-Extremely low T cell proliferation to mitogens is seen in SCID (<10% of control).  The large blood volume required to perform mitogen proliferation is often an issue with small infants.  Performing the proliferation assay with one stimulus (PHA) is acceptable and requires less blood.  

-Immunoglobulin levels before 6 months of age may reflect transplacentally aquired maternal IgG).  However, immunoglobulin levels can be low prior to 6 months in SCID due to accelerated consumption from recurrent infections. 

-A chest X-ray may reveal absent thymic tissue.    



STEP 2: Additional Immune Evaluation 

The following tests may provide additional support for a diagnosis of SCID and can be helpful in certain clinical situations.  


-TREC Analysis
-TCR Gene Rearrangement PCR (TCR Spectratyping)
-Maternal Engraftment Study 


-TRECs (T-cell receptor excision circles) are loops of DNA excised during TCR rearrangement in the thymus.  Because TRECs are not replicated with cell division, they are gradually diluted as T-cells become activated and expand.  Thus, naïve T-cells that are recent thymic emigrants have high TREC numbers.  SCID patients typically have very low TREC numbers.  TRECs are useful for monitoring engraftment following HSCT. 

-TCR gene rearrangement is useful for identifying oligoclonally expanded T-cells.  This can be seen in maternal engraftment as well as Omenns syndrome.  

-Maternal engraftment (T cell expansion) can occur in patients with SCID.  Maternal T cells typically are CD45RO+ and proliferate poorly to mitogen stimulation.  Assessing for the presence of maternal cells in circulation is useful because it can affect the selection of a stem cell donor and it may necessitate immunosuppression prior to transplantation as opposed to no conditioning.  



STEP 3:  If lymphocyte subset analysis reveals a T-B+NK- phenotype, further evaluation for X-linked SCID should be pursued.  Autosomal recessive SCID from JAK3 deficiency (which also causes a T-B+NK- phenotype) should also be high on the differential diagnosis.  


-Lymphocyte flow cytometry for the common gamma chain (CD132)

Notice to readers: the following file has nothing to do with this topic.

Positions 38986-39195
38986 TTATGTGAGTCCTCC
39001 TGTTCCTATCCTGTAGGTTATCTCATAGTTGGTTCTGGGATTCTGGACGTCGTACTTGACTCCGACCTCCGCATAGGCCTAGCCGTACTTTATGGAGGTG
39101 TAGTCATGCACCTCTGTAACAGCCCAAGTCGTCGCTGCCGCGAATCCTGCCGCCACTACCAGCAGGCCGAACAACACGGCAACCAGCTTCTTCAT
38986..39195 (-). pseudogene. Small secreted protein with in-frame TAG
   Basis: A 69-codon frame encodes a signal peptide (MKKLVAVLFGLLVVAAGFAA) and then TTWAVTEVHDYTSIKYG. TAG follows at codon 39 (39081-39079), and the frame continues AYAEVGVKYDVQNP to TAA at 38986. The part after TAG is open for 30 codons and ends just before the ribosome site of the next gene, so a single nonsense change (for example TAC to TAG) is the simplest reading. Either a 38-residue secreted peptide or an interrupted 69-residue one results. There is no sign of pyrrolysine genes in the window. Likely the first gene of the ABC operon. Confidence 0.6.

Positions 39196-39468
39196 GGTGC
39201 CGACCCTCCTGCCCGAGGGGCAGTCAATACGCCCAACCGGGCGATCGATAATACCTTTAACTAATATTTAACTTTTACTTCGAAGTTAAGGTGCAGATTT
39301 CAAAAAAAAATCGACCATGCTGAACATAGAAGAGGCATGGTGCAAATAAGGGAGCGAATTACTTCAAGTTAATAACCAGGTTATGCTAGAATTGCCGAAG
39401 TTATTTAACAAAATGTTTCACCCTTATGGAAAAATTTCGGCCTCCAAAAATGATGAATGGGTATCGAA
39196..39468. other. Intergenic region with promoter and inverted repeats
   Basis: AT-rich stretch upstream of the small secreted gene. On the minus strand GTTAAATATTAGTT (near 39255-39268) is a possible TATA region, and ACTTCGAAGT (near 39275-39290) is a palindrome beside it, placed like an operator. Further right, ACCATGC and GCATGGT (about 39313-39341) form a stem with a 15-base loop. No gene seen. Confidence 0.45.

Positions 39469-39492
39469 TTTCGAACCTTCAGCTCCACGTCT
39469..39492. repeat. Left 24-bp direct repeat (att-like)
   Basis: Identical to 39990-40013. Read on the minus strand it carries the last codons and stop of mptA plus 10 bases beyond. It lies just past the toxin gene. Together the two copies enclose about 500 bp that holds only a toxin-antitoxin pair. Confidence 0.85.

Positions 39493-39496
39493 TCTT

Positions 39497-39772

-Genetic testing for Common Gamma Chain (c) Deficiency (IL2RG)


-Flow cytometry for CD132 may reveal the complete absence of the surface protein, which would strongly suggest the diagnosis of X-linked SCID.  However, the presence of protein does NOT rule out the diagnosis because certain missense mutations will allow for non-functional gamma chain protein to be expressed on the cell surface.  One advantage of this test is that it is much faster to perform (less than 1 week) than gene sequencing.  

-Genetic testing for IL2RG is commercially available through correlagen diagnostics.  Concurrent testing for JAK3 deficiency should also be considered because it can present with an identical phenotype.  Gene sequencing typically takes 4-6 weeks.  







Pending the completion of an immunologic evaluation for suspected X-linked SCID, it is critical to initiate certain measures to prevent life-threatening complications for patients.  The following precautions should be implemented immediately: 


1.  Avoid all live viral vaccines (rotavirus, varicella, MMR, BCG)
      - Severe vaccine strain disease can occur if SCID patients receive these vaccines. 


2.  Only irradiated, CMV negative blood products should be used 
      - Leukocytes from non-irradiated blood can cause graft versus host disease and CMV can cause severe infections.   


3.  Pneumocystis jiroveci pneumonia prophylaxis with trimethoprim-sulfamethoxazole
     - 4-6mg/kg/day of Trimethoprim component divided twice daily 3 days per week 


4.  IVIG replacement therapy


5.  High resolution HLA-typing for the patient and any siblings 
     - For possible Hematopoietic Stem Cell Transplantation (HSCT)







Diagnostic Resources    



1.  CD132 by Flow Cytometry
      -Childrens Hospital of Philadelphia  DiGeorge Panel (includes CD132) 
      -Cincinnati Childrens 

2.  Correlagen  - SCID Genetic Testing 

The following tests resources are accessible on the SCID overview page:  

1.  Lymphocyte Subsets by Flow Cytometry for T-cell (CD3, CD4, CD8), B-cell 
     (CD19), and NK cell (CD16/56).   
2.  Naïve (CD45 RA) and Memory (CD45 RO) T cells by Flow Cytometry
3.  T-cell proliferation to Mitogens and Specific Antigens (candida, tetanus)

4.  TREC (T-cell receptor excision circle) Analysis

5.  T-cell Receptor Gene Rearrangement (TCR Spectratyping)



Literature Resources


1.  Noguchi 1993
     IL2RG mutations cause X-linked SCID

2.  Kovanen 2004
     Cytokine signaling and X-linked SCID

3.  Kohn 2010
     Update on gene therapy for SCID